Haley v. Massanari, 258 F.3d 742, 747 (8th Cir. 2001). If, after reviewing the record, it is possible
to draw two inconsistent positions from the evidence and one of those positions represents the
findings of the ALJ, the decision of the ALJ must be affirmed. see Young v. Apfel, 221 F.3d 1065,
1068 (8th Cir. 2000).
It is well-established that a claimant for Social Security disability benefits has the burden of
proving his or her disability by establishing a physical or mental disability that lasted at least one
year and that prevents him or her from engaging in any substantial gainful activity. see Cox v. Apfel,
160 F.3d 1203, 1206 (8th Cir. 1998); 42 U.S.C. §§ 423(d)(1)(A), 1382c(a)(3)(A). The Act defines
a “physical or mental impairment” as “an impairment that results from anatomical, physiological,
or psychological abnormalities which are demonstrable by medically acceptable clinical and
laboratory diagnostic techniques.” 42 U.S.C. §§ 423(d)(3); 1382c(a)(3)(D). A plaintiff must show
his or her disability, not simply his or her impairment, has lasted for at least twelve consecutive
months. see 42 U.S.C. §§ 423(d)(1)(A), 1382c(a)(3)(A).
To determine whether the adult claimant suffers from a disability, the Commissioner uses
the familiar five-step sequential evaluation. He determines: (1) whether the claimant is presently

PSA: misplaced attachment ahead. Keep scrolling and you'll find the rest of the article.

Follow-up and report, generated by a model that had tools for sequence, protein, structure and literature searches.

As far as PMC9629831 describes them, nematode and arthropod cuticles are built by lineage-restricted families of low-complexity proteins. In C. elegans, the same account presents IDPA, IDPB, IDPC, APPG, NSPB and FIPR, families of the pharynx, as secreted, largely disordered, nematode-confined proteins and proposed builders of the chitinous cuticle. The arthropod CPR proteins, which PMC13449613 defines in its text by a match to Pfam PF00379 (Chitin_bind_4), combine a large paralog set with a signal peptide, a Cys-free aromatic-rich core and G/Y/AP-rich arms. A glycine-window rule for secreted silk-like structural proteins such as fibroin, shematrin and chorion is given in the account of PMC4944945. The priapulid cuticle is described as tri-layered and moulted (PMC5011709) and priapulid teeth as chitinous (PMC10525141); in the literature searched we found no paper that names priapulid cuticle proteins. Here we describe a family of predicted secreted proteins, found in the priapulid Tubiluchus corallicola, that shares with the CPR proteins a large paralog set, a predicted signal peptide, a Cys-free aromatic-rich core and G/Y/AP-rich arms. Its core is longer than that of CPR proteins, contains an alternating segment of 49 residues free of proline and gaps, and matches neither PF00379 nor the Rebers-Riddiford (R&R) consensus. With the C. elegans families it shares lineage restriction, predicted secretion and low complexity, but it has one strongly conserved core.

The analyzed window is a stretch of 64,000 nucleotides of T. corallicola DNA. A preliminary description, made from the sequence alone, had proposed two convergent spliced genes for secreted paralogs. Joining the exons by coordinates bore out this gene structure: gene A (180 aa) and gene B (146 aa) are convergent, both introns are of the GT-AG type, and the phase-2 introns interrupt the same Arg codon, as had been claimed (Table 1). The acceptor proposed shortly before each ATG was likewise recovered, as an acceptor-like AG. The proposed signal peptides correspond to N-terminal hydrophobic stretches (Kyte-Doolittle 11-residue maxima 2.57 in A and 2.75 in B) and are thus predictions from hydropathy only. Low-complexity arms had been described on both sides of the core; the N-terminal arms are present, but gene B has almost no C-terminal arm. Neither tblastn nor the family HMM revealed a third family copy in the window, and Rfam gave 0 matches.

engaged in a “substantial gainful activity”; (2) whether the claimant has a severe impairment that
significantly limits the claimant’s physical or mental ability to perform basic work activities; (3)
whether the claimant has an impairment that meets or equals a presumptively disabling impairment
listed in the regulations (if so, the claimant is disabled without regard to age, education, and work
experience); (4) whether the claimant has the Residual Functional Capacity (“RFC”) to perform his
or her past relevant work; and (5) if the claimant cannot perform the past work, the burden shifts to
the Commissioner to prove there are other jobs in the national economy the claimant can perform.
see Cox, 160 F.3d at 1206; 20 C.F.R. §§ 404.1520(a)(4), 416.920(a)(4). The fact finder only
considers the plaintiff’s age, education, and work experience in light of his or her RFC if the final
stage of this analysis is reached. see 20 C.F.R. §§ 404.1520(a)(4)(v), 416(a)(4)(v).